When the theory was first getting its legs, Alfred Hitchcock was known primarily as a genre filmmaker. He made thrillers and horror movies, and wasn’t particularly well respected among cinephiles and critics. While vulgar auterists may argue the theory has since been co-opted by the art house, and that critics are winnowing the list of acceptable auteurs unnecessarily, what they’re missing is that their “sect” isn’t really anything new at all. Vulgar auteurists aren’t committing themselves to a new method of film analysis, they’re reinvigorating one that’s been around for over fifty years.
I’ve written a feature on auteurs and auteurism before, and in doing so, I tried to remain true to the initial theory, as a means of testing its relevance over the years. As part of that, I examined directors I considered auteurs (including Michael Bay), celebrated directors I thought were not (like Kevin Smith), and non-directors I thought fit the bill (including writers like Charlie Kaufman and Aaron Sorkin, and actors like Mike Myers). The point of this feature, and the point of the auteur theory itself, was to examine authorship and artistry in the cinema, not to analyze only celebrated directors of art films.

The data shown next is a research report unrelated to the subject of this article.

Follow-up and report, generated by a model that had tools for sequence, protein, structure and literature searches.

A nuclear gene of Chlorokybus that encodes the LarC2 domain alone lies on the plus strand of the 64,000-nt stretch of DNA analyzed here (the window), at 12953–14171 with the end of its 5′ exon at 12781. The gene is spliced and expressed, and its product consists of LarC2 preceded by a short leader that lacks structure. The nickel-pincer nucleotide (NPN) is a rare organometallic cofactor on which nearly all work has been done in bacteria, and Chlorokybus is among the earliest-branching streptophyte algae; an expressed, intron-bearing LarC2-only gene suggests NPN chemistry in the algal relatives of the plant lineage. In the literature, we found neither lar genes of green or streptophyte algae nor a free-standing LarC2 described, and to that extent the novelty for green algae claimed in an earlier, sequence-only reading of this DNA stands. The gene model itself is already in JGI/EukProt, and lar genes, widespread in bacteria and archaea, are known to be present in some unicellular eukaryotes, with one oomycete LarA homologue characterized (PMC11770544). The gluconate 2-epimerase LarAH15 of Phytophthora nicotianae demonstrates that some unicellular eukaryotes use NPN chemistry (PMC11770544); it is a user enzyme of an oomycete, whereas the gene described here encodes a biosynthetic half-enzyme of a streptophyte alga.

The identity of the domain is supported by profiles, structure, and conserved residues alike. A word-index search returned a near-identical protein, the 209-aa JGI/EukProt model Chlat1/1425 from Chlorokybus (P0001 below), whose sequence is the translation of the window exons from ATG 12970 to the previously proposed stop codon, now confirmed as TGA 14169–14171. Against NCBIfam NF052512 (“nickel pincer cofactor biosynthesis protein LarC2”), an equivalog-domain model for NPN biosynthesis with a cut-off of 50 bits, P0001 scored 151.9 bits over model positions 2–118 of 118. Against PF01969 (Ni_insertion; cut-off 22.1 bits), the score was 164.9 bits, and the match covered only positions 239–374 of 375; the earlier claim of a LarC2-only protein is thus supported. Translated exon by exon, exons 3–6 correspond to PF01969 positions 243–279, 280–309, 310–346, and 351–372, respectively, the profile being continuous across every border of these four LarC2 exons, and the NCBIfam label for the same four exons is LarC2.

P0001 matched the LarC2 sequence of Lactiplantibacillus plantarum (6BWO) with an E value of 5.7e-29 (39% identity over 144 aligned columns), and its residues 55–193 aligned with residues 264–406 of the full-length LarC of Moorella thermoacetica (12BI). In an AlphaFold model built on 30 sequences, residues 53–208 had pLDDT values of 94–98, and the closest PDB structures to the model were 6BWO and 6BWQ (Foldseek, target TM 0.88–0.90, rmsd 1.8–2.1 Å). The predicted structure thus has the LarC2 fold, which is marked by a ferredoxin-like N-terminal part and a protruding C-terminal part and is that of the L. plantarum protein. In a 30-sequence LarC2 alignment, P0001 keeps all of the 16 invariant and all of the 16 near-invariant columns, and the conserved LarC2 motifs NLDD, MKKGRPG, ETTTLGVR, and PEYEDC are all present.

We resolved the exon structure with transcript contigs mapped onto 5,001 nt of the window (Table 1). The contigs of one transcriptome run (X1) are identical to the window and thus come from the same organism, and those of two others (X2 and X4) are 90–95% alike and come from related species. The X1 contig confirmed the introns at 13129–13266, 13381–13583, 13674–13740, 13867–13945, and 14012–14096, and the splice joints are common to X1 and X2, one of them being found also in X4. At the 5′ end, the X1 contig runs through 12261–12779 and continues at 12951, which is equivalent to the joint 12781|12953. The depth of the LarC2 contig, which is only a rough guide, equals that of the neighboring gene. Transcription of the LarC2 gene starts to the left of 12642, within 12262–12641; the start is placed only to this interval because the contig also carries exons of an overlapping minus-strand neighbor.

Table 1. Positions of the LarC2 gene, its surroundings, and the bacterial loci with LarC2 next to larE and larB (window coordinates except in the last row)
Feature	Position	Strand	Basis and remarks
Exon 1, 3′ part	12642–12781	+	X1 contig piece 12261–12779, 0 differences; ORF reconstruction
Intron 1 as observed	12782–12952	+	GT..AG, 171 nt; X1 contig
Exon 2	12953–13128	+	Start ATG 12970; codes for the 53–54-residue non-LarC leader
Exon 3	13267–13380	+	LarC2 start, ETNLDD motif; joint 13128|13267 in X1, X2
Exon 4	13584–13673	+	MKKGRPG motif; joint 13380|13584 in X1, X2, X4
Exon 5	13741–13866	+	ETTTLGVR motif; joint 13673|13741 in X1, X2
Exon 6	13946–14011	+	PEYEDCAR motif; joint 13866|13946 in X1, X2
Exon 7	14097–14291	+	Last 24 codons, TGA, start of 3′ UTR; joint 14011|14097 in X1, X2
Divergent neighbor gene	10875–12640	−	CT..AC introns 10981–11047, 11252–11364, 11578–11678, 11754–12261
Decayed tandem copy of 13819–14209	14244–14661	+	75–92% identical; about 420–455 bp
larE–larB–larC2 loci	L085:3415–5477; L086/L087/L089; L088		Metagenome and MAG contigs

If the auteur theory is to survive, and even to thrive, into the 21st Century, it will do so not by narrowing its parameters, but by expanding them. This is the point the vulgar auteurists make, and on this, I agree with them (though I would like to see more work lauding underrated female directors and less-male-focused genres like romantic comedies and teen movies).. Where we part ways is simply a matter of terminology: what they call “vulgar auteurism” looks like the classic form to me, and when they hail Michael Bay as a “vulgar auteur,” it seems they’re creating a new, smaller, less respected canon where one needn’t exist. Michael Bay is an auteur, though he rarely makes a film that isn’t terrible. Joe Carnahan is an auteur (and his film The Grey should convince any film-snobs who can’t get over much of his output). Other directors who haven’t been recognized as such can and should be, and their films should be examined and analyzed in depth, as should any and all films. We should look as well to non-directors, from producers like Jerry Bruckheimer, to screenwriters and actors (look at Will Smith’s involvement in After Earth and tell me he isn’t arguably the film’s author, even above director M. Night Shyamalan). The auteur theory has never been a narrow proposition. It has always been, and should continue to be, an inclusive search for artistry in film. By trying to widen its parameters, vulgar auteurists are in fact narrowing the auteur theory and winnowing its value as a tool for film fans and critics. Only when we call a spade a spade and open ourselves up to the idea that we may find auteurs in some unexpected places will the theory regain its prominence. Come back in from the cold, vulgar auteurists. The Auteur Theory is waiting for you, and it’s adherents have kept the fire going while you were away.